As expected, the latest economic data point, ahead of what we now believe will be an NFP miss, the Chicago March PMI, has come and gone and it was merely the latest in a long series of misses. While the headline disappointment was modest, printing at 62.2, below expectations of 63.0 and down from 64.0, it was at the subcomponents that the pain was most acute: New Orders dropped from 69.2 to 63.3, Prices Paid soared from 65.6 to 70.1, the highest since August, any growth focusing again on inventory build up - hence hollow - from 49.6 to 57.4, the largest gain since December 2010 as the restocking continues furiously in what appears forever, but most importantly, the Employment Index which slid from 64.2 to 56.3, the biggest drop since February 2009, and virtually all job gains in 2012 have now been given up. Yet the biggest caution was not anywhere in the indices, but in one of the survey responses: "Tipping point for oil pricing and impact on raw materials and Total Cost of Operations (TCO) is fast approaching." Once the tipping point for oil comes and passes, that's the ballgame, and the only option for the Fed will be to create another Lehman-like deflationary collapse.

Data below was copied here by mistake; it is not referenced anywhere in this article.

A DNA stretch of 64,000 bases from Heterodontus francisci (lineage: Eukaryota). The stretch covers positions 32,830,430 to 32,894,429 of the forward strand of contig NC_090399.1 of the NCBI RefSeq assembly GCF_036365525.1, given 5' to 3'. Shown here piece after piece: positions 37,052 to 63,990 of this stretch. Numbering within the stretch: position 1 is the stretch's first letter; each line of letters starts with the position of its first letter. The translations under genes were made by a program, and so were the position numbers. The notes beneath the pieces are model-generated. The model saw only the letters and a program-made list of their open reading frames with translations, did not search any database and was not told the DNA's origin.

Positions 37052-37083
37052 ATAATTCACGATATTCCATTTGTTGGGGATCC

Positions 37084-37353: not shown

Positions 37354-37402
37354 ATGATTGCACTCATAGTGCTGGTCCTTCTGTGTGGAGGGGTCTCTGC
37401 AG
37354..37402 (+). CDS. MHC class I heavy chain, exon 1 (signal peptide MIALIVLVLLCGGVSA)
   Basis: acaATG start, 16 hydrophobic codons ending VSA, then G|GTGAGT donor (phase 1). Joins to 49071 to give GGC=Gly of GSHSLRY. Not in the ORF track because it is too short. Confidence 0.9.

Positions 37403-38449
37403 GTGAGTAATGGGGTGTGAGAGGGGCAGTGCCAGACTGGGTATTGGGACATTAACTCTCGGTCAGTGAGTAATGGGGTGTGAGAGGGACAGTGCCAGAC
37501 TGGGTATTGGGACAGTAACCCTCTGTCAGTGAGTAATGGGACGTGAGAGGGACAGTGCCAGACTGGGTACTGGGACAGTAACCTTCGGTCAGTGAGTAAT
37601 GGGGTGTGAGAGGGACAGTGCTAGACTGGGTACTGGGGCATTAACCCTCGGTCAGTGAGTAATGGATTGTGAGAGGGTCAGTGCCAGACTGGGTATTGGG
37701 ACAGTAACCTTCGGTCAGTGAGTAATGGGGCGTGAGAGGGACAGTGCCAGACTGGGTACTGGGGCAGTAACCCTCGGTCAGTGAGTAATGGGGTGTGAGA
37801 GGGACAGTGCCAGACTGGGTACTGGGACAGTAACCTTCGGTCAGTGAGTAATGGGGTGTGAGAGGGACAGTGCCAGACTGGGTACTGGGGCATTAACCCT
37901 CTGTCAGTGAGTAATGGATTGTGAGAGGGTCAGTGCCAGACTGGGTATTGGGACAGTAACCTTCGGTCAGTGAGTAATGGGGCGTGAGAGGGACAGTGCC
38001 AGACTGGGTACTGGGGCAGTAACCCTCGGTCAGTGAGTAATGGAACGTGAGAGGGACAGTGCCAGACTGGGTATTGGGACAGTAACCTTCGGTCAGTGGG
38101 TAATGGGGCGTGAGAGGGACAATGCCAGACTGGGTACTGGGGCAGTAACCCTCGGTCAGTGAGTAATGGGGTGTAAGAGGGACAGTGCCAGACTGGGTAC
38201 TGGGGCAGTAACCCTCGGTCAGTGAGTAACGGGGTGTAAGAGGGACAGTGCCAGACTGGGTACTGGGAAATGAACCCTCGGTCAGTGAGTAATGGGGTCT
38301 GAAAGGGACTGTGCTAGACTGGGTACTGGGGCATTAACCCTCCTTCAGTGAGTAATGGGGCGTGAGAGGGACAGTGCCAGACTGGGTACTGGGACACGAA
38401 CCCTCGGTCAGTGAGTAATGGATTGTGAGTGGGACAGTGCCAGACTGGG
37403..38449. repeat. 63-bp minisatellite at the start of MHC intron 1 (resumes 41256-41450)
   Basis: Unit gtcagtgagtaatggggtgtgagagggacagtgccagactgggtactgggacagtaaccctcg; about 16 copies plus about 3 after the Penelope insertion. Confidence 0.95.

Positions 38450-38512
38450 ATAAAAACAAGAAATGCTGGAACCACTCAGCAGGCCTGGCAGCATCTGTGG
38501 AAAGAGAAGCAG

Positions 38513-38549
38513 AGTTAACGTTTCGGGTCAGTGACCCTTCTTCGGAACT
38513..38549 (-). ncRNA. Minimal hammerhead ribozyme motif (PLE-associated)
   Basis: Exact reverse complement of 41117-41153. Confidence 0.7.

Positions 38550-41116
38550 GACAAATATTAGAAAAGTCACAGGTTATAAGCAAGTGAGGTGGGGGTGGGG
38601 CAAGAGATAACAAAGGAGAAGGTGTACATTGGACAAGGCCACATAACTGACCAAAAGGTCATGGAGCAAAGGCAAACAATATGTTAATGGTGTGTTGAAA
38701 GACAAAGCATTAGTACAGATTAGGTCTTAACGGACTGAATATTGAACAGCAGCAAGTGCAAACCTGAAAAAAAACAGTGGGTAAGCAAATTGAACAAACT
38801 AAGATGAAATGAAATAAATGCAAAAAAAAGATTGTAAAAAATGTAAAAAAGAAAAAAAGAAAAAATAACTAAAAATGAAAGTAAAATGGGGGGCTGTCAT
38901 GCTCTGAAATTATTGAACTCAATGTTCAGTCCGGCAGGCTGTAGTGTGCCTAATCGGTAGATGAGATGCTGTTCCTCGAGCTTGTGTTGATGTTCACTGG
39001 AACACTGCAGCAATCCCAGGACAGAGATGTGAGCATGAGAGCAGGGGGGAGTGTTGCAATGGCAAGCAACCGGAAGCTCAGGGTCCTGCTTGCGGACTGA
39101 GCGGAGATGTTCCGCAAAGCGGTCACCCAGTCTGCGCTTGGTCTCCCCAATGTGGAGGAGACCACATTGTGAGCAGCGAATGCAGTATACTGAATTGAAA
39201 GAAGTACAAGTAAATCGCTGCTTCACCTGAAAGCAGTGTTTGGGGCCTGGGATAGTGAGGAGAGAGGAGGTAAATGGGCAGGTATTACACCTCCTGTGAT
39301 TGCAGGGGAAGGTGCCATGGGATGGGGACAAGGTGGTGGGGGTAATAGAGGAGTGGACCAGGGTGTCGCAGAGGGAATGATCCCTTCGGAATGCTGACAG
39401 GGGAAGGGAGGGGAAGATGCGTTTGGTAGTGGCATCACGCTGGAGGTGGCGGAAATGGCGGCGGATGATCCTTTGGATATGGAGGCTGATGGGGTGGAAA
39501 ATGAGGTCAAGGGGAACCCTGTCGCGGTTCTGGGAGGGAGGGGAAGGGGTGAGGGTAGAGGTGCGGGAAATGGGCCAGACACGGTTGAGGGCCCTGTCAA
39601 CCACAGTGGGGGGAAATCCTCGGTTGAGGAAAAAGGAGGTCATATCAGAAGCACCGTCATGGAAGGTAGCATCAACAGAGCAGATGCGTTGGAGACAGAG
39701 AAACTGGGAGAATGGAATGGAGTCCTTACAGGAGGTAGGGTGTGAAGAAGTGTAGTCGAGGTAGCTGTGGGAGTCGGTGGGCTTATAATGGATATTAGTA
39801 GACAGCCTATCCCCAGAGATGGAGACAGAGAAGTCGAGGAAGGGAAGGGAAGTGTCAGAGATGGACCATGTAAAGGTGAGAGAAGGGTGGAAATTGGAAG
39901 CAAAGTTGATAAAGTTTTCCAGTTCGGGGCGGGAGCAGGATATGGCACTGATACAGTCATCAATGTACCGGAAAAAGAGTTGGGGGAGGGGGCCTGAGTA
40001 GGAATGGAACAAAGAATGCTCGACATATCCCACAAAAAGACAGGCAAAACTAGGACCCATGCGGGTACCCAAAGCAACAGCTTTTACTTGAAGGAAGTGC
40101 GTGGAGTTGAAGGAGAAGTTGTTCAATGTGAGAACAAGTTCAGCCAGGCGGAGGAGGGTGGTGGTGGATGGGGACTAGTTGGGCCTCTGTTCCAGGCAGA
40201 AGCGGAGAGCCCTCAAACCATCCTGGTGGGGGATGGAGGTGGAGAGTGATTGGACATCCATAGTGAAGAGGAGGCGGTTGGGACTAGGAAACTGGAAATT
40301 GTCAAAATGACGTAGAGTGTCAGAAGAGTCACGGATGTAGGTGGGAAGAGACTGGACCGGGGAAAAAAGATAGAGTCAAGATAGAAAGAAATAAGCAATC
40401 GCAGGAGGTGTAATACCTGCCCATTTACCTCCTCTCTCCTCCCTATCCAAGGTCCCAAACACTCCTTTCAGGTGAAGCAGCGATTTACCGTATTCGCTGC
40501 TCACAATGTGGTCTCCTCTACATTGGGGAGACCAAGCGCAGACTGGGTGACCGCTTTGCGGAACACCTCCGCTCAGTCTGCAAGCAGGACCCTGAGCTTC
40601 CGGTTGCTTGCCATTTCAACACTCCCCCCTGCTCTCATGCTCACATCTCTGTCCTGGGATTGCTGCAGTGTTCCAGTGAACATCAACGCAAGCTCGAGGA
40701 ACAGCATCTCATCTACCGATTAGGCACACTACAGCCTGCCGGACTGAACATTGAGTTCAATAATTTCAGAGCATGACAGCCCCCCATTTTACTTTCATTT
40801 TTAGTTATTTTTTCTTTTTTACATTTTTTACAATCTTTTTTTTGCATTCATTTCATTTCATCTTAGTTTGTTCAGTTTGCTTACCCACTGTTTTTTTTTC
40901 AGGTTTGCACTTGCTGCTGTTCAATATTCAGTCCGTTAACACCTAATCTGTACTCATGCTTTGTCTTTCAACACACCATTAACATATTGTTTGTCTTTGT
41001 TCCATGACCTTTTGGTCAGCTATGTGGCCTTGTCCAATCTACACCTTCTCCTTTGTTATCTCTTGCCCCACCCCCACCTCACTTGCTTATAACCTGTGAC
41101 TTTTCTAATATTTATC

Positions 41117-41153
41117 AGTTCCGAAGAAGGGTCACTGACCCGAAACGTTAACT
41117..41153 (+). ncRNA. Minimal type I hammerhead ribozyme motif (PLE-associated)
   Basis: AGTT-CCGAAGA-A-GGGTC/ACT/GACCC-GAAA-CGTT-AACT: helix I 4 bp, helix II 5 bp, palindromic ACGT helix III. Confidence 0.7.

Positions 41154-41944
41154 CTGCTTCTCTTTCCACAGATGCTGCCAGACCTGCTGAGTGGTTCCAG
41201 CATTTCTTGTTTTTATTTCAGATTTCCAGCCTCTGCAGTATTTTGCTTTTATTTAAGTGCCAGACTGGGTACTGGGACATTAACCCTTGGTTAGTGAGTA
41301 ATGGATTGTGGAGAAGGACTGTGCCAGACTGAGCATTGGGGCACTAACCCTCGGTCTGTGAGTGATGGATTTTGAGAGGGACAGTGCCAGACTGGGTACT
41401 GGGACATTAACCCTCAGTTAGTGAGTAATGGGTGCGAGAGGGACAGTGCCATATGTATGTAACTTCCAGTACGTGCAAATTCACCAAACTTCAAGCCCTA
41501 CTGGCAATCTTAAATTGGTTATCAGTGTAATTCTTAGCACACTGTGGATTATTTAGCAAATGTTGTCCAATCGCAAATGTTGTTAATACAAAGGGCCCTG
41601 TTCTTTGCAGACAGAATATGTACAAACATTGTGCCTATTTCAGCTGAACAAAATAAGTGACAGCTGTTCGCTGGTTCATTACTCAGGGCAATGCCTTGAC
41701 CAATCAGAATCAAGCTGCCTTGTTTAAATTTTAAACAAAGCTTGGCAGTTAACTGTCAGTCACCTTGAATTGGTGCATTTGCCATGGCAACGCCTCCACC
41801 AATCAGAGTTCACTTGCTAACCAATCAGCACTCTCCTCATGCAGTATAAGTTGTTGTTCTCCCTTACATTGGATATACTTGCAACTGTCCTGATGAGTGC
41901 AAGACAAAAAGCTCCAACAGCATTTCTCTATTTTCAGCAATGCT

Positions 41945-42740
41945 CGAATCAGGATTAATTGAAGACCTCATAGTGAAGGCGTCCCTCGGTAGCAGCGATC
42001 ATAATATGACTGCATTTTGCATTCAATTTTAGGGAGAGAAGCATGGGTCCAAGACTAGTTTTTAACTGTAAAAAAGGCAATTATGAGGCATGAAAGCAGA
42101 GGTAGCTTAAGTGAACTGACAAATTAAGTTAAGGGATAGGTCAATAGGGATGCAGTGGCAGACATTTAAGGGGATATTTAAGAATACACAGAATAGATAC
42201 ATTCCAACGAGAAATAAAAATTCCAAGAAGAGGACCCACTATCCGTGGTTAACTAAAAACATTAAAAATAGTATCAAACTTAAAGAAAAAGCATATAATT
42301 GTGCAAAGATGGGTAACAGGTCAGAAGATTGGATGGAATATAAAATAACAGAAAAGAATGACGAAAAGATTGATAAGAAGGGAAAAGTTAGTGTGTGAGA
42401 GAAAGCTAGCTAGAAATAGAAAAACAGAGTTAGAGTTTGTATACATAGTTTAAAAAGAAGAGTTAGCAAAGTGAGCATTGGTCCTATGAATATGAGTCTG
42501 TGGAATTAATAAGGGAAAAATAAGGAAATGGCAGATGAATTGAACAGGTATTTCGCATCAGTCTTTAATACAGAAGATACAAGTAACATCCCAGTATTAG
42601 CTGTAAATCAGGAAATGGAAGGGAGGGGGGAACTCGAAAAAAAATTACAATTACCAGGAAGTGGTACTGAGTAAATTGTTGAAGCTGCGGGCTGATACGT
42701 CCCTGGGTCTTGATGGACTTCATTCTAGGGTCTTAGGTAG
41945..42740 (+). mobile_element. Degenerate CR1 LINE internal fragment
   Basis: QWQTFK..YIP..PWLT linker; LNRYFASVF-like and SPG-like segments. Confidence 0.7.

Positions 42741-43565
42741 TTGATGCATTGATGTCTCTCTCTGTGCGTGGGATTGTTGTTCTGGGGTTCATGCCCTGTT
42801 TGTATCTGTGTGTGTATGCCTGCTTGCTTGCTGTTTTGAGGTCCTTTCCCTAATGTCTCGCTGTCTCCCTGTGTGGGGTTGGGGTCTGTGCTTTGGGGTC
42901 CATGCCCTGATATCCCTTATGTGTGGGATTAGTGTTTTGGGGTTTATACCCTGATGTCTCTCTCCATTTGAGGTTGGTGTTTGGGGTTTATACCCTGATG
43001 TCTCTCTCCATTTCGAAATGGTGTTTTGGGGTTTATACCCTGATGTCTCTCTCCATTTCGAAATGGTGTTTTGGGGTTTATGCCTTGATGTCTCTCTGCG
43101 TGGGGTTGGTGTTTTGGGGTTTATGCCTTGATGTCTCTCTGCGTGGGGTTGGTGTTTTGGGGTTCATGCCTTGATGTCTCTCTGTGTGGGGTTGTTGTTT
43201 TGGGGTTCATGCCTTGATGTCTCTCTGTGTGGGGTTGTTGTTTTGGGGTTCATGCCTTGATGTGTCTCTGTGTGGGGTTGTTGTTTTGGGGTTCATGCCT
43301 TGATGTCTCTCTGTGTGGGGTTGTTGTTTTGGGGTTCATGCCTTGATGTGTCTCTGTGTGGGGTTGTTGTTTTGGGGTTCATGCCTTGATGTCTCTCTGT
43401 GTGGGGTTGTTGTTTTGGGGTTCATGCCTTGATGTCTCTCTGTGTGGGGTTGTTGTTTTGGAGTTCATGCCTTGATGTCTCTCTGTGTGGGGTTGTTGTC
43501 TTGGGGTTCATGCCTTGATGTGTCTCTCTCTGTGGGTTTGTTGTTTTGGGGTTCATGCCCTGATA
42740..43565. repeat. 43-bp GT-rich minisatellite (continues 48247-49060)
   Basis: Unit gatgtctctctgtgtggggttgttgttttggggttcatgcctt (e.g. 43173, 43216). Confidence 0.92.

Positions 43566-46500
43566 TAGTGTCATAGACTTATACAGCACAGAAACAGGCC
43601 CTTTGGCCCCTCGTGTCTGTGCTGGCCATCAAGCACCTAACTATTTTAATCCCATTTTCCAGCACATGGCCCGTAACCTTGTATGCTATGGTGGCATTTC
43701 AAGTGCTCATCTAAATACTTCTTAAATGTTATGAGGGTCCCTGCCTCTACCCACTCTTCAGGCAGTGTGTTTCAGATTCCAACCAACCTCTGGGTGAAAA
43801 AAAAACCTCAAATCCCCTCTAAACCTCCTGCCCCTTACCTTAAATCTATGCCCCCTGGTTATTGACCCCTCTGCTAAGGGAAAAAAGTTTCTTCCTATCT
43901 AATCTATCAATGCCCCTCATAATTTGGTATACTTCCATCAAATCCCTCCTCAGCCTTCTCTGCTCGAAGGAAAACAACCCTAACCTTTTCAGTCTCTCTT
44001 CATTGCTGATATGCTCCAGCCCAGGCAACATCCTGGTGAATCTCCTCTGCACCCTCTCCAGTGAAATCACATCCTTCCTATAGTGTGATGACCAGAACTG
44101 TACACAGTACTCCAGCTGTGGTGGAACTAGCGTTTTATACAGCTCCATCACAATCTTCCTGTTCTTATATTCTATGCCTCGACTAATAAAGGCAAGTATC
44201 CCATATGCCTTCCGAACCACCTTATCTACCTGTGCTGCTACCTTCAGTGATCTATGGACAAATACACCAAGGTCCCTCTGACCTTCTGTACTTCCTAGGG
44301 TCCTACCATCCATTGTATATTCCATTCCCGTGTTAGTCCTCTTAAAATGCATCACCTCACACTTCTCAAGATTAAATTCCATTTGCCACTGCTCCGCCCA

PMI Employment Index:
And discrete responses:
- The last few weeks our orders are up compared to previous months, hope this is a good sign for months to come.
- We have a big issue as related to available capacity in the foundries. The availability of trained machinists is still a serious issue.
- Our business isn't bad but we are not booming.
- Real estate lending remains weak. C&I lending beginning to improve but is very competitive. Small businesses remain weak.
- High oil prices are having a negative impact on most chemicals and on freight costs. Major commodities are costing more because of higher fuel prices.
- Some key suppliers are quoting shorter lead times because of their decreasing backlogs.
- New orders were very light this month but our backlog may have discouraged some of those looking for short lead times.
- Tipping point for oil pricing and impact on raw materials and Total Cost of Operations (TCO) is fast approaching.
- Aluminum lead times have jumped.
Full report link.